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Register now for new MOOC that will help journalists develop strategies for dealing with online harassment

Seventy percent of women journalists have been harassed, threatened or attacked, according to a report from the International Women’s Media Foundation (IWMF) and TrollBusters. A global survey carried out for the report found that one-third of female journalists considered leaving journalism because of online attacks and threats.

Learning who online trolls are and who is backing them, as well as bolstering your digital security and finding ways to confront online harassment, are essential skills for female journalists all over the world.

The free course, “Online Harassment: Strategies for Journalists’ Defense,” will teach women journalists and their allies how to protect themselves online, how to deal with online harassment and how to find networks of support.

This Knight Center course is held in partnership with IWMF and will run from Nov. 16 to Dec. 13. Sign up today!

IWMF Online Harassment Banner

“The idea is that we build techniques that journalists can use and these will be practical steps that people can take. It’s not just a focus on digital security; that sounds like a big scary word,” said lead instructor Ela Stapley. “These are really just basic steps you can take as a journalist to help manage your online profile and to help take back the amount of information that’s on the internet about you.”

Stapley will be joined by co-instructors based around the world, including Arzu Geybulla, Catherine Gicheru and Myra Abdallah. Each expert will be in charge of a weekly module and will speak about the strategies they’ve used to deal with online harassment.

The modules will cover the following topics:

  • Week one, taught by Geybulla, is an introduction to online harassment around the world and will give coping strategies for dealing with it.
  • Week two, taught by Gicheru, looks at understanding privacy online as a journalist and how to better protect yourself online.
  • Week three, taught by Stapley, will look at the kinds of trolls you might encounter online, who their networks of support are and how you can document abuse from them.
  • Week four, taught by Abdallah, reviews protecting online accounts, safe browsing and communications and online and offline support systems for journalists being harassed.

Stapley said her work around the world has shown harassment to be “an increasingly complicated issue that is global.”

“The techniques that the harassers use may be different, but the objective is the same and the objective is to remove women journalists from the public sphere and to restrict freedom of expression,” she said.

Due to the global nature of online harassment, instructors were chosen because of their international experience and their knowledge of the intersection of journalism and digital security in different contexts.

Recent work from Geybulla, a freelance journalist from Azerbaijan who is currently based in Istanbul, looks at the use of information controls and authoritarian technology. Gicheru, an International Center for Journalists Knight Fellow and project director of the African Women Journalism Project, was the first female bureau chief in East Africa. Stapley has worked around the world helping women with digital safety needs as a digital security trainer with IWMF and other organizations. And Abdallah is head of the media department at the Arab Foundation for Freedom and Equality and communications manager for the Arab region for Women in News.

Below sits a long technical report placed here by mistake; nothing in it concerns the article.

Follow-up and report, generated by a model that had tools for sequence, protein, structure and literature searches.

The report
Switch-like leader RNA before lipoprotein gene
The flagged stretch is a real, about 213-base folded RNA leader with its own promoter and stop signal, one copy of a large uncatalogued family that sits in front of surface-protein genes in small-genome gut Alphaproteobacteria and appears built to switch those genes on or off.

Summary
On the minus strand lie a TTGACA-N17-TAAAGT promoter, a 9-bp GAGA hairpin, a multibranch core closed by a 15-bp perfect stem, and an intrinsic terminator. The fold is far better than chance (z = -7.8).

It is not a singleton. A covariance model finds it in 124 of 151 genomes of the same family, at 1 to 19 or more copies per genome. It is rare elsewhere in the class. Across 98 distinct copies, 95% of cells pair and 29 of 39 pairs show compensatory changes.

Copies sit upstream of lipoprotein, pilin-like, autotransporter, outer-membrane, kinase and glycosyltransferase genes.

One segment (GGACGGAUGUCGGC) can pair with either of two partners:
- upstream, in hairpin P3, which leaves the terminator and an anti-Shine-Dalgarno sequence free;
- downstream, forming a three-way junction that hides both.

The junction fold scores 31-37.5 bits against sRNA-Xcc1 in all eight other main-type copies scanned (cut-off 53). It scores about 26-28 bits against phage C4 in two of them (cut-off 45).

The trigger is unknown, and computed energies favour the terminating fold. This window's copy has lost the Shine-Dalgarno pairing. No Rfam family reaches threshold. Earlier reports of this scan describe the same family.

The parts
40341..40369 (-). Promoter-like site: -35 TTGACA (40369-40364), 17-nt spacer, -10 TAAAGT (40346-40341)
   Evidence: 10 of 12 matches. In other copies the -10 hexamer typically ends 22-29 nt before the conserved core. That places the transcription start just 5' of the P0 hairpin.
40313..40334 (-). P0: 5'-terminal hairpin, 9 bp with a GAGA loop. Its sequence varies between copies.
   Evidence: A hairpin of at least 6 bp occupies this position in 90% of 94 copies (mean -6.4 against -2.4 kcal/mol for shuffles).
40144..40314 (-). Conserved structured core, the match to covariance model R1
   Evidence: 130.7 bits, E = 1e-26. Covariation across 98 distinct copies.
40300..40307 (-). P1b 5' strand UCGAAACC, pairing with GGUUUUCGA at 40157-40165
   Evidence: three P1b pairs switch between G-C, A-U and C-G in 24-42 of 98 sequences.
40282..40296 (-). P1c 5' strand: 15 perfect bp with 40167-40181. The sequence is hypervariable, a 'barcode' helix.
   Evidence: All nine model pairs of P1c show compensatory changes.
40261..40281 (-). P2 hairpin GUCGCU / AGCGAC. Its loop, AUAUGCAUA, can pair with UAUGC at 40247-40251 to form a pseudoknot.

“We were looking there to get a wide breadth of people in all regions,” Stapley said. “This is because online harassment varies in terms of the type of harassment that happens in different areas around the world.”

Although journalists are more likely to come forward now to talk about being harassed online, there are still a lot of people in newsrooms or working freelance who are dealing with it alone. Some women, Stapley said, assume it’s just part of the job.

“This is not the case,” she said. “There can be strategies and you can make important networks of support.”

The course is geared toward female journalists but open to men and women in media who want to develop strategies for dealing with possible cases of online harassment, which unfortunately are becoming more frequent around the world. It’s also relevant to newsroom managers who want to help their staff navigate issues of harassment and online trolling.

Course activities consist of video lectures, readings and handouts, participation in discussion forums and weekly quizzes.

Students who successfully complete the weekly quizzes and participate in the discussion forums are eligible to earn a certificate of participation at the end of the course. The administrative fee for the certificate is $30 (thirty U.S. dollars). It is awarded by the Knight Center for Journalism in the Americas and attests to participation in the course. No formal course credit of any kind is associated with the certificate.

Like all Knight Center courses, this MOOC is asynchronous, meaning you can complete the activities at your own pace and at the times that best suit your schedule. There are recommended deadlines so you don’t fall behind.

“We’re pleased to be partnering with IWMF on this important course, which is led by a stellar team of instructors who will bring a global perspective to their teachings,” said Mallary Tenore, associate director of the Knight Center for Journalism in the Americas. “This course will offer valuable pointers for journalists who have experienced online harassment firsthand, those who want to better protect themselves online, and those who want to support others who are dealing with these issues. Our hope is that students in this course will come away with practical strategies that they can implement to feel safer on the job.”